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If a fault occurs in an electrical system, we must prove that the over-current device will operate within the prescribed time by ensuring that the circuit impedance is low enough to allow sufficient current to flow. The required values of impedance and time will change dependent upon the type of installation (TN/TT etc.) and the type of protection, whether it be a miniature circuit breaker (MCB), cartridge fuse or re-wireable fuse for example. The fault current can either be in the Line-Neutral or Line-Earth circuit, so there is a need to confirm the loop impedance of each.
Determining which test to use will depend upon a number of factors, not least being which one is available on the test meter being used. A non-trip test has to be used on an RCD-protected installation. A high current test will usually be faster and more accurate on non-RCD protected circuits.
This is the traditional loop impedance test. Using a test current of up to 20 A and a simple 2 wire connection, it is by and large the fastest, most accurate test available on a day to day basis. Most standard loop impedance testers will incorporate this type of test. Because of the relatively high test current, the readings are not generally influenced by external factors and will return repeatable, stable readings in most scenarios.
When first conceived, earth leakage monitoring RCDs and RCBOs were not part of the electrical installation and because it relies on a short between Line-Earth for the earth loop test, albeit only for 2 cycles (or 40 ms) of the AC waveform, the test will cause the RCD/RCBO to operate. In addition, some early instruments whose test time was not so tightly restricted had cause to operate some of the low current MCB’s as well. Where earth leakage protection was in place, the contractor was left with no option but to bypass it to allow for the test to be undertaken – a time consuming and rather un-safe practice as it left the system unprotected for the duration of the test.
The 3 wire method of no-trip loop testing has become the norm over the past 20 years. This test method overcame the need to by-pass even the new electronic protection devices by utilising a low current Line-Earth test current, whilst still returning a degree of accuracy. Not having to by-pass the RCD/RCBO obviously introduced a time saving factor. In addition, by having the requirement of connecting to Line, Neutral and Earth, the testers were now able to confirm the presence of all three as well as indicate if there was a reverse polarity at the test point and, due to the limited test current, there was no issue with tripping the MCB.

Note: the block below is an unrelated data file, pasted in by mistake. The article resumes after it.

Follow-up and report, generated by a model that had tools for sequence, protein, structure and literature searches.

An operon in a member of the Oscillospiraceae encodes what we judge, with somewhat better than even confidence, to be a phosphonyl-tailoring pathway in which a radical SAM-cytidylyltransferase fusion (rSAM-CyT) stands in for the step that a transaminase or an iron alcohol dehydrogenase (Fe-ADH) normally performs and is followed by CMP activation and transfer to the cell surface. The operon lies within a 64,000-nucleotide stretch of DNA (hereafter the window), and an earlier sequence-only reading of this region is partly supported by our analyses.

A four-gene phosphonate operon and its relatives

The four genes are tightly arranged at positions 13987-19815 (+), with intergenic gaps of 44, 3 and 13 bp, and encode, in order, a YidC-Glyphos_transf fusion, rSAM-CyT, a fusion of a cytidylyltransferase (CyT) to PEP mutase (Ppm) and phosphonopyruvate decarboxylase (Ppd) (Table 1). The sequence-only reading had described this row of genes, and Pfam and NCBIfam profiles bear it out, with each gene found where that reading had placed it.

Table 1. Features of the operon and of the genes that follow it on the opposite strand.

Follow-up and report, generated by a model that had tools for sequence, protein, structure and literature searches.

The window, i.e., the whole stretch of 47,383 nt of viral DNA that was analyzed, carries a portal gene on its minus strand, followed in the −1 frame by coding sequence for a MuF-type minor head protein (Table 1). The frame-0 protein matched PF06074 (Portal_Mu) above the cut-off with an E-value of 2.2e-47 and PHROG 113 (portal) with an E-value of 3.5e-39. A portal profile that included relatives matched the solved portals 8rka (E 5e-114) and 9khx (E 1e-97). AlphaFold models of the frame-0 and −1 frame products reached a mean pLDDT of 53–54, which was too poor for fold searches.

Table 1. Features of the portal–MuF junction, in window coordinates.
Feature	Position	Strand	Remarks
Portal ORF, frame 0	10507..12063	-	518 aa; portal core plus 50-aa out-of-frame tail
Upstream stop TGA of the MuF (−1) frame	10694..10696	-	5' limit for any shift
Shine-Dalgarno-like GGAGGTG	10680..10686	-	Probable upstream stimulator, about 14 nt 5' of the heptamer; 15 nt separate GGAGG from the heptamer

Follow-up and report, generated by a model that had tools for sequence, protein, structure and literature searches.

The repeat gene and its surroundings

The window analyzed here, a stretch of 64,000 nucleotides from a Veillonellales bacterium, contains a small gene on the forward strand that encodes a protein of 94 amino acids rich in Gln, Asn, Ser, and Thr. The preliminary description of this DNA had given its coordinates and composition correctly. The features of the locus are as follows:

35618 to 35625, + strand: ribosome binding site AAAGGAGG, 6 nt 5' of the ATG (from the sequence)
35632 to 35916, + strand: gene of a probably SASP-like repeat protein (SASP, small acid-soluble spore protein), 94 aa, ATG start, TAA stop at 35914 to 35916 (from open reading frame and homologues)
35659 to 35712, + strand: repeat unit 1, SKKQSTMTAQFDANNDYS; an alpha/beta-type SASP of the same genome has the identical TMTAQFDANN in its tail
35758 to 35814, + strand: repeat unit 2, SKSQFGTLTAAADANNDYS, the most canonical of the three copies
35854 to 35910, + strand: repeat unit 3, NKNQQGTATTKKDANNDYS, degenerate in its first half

There remain limitations with the 3-wire test however. Due to the lower test current, readings became more susceptible to external factors introducing instability on certain circuits and a reduction in consistency. In some circumstances the internal impedance of the RCD can be seen or existing system earth leakage can combine with the test signal to cause the protective device to operate.
At a light switch a neutral is usually not available so a 2-wire test is easier for testers without 3 hands.
This new method of testing will only be undertaken in certain circumstances. The test uses a 4 wire Kelvin connection, negating internal lead and contact resistance; such is the accuracy of the test. With test currents up to 1000 A, measurements down as low as 10 mOhm can be accurately made. Consequently, there is no “No-Trip” option with this test method. With specific applications being measurement in sub-station/switch room environments, this tester gives the test engineer the ability to take accurate readings when situated next to the main transformer – something that has caused problems for many years when trying to sign off jobs with readings based on design engineers calculations down as low as 0.001 Ohm!
When making a loop impedance measurement, there are numerous challenges that the test signal has to overcome. Some are physical and some are man-made. Having an understanding of the limitations of the various tests that are available goes some way in overcoming some of these obstacles. Just as importantly, knowing the significance of the desired value (usually stipulated by regulation) and an appreciation of the measured value in the real world will help to maintain confidence in the recorded value.
Prospective fault current and prospective short circuit testing are measurements that are made to calculate the current that will flow in the event of a fault. Too little current and protective devices may fail to operate in time (if at all) and too much current will cause damage to equipment, may cause fire or prevent the breaker from operating.